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The AAPG/Datapages Combined Publications Database

AAPG Bulletin


Volume: 63 (1979)

Issue: 3. (March)

First Page: 414

Last Page: 415

Title: Role of Temperature and Burial Depth in Development of Subnormal and Abnormal Pressures in Gas Reservoirs: ABSTRACT

Author(s): Colin Barker

Article Type: Meeting abstract


The aquathermal-pressuring concept shows that isolated, water-filled reservoirs become abnormally pressured when temperature rises owing to increasing depth of burial. When reservoirs contain free gas, the situation is more complex and abnormal or subnormal pressures may develop depending on the gas/water ratio and the

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initial and final depth of burial. Because zones that have nonhydrostatic pressures must be effectively isolated from their surroundings (or the pressure should be equalized), a model would be a sand lens encased in shale. Consider, for example, where isolation occurs at 4,000 ft (1,200 m) where temperature is 123°F (51°C), and subsequent burial moves it to 8,000 ft (2,400 m) at 178°F (81°C). The pressure in the gas will start at 1,860 psi (12,815 kPa) hydrostatic at 4,000 ft (1,200 m), but the temperature rise will increase it to 2,035 psi (14,021 kPa), at 8,000 ft (2,400 m) is 3,720 psi (25,630 kPa), so the gas reservoir will be 1,685 psi (11,610 kPa) underpressured. Real gas reservoirs contain both gas and water. Calculations show that for trapping at 4,000 ft ( ,200 m) followed by burial to 8,000 ft (2,400 m) the reservoir will show various amounts of underpressuring if it contains more than 3 vol.% gas. With less than 3 vol.% gas it will overpressure. At greater trapping depths, high percentages of gas are needed to produce underpressuring, for example, 16 vol.% at 12,000 ft (3,600 m). Temperature decrease owing to uplift and removal of overburden produces the opposite effects, and reservoirs containing high percentages of gas develop abnormally high pressures.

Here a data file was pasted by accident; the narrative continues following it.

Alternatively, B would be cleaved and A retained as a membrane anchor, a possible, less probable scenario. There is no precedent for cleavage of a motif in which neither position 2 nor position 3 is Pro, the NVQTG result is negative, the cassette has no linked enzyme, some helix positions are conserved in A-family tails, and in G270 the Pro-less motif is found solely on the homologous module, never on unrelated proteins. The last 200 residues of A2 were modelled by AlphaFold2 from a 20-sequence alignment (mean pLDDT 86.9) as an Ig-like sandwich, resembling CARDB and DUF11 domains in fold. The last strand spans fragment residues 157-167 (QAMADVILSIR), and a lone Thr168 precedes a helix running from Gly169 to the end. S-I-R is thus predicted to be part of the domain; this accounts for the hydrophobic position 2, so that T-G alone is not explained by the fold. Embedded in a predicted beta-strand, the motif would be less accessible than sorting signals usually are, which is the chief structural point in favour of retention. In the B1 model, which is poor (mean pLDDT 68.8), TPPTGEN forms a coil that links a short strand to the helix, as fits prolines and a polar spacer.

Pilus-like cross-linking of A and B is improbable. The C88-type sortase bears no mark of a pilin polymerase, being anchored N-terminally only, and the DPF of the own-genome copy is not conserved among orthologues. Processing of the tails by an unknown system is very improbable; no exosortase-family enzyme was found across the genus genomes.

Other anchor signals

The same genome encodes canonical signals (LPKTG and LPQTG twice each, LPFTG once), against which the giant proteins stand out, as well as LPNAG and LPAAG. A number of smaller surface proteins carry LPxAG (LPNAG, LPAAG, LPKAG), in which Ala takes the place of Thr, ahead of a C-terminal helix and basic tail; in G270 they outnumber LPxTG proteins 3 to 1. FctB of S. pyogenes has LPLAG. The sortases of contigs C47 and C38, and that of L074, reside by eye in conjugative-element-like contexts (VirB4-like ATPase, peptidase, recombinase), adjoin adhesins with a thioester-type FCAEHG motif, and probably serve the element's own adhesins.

This theoretical model provides an explanation for the common occurrence of underpressured gas, particularly in stratigraphic traps with low water contents. It also explains the underpressured gas in the bottom of basins (such as San Juan, Wattenberg, and western Canada "Deep Basin") and shows how abnormal and subnormal pressures can be developed in adjacent gas reservoirs in a restricted geographic area (such as the Appalachians). Regional tilting may bury a formation in one area but uplift it in another leading to regional trends from subnormal to abnormal pressures. An example of this is provided by the "gas sands" of the Morrow in western Oklahoma.

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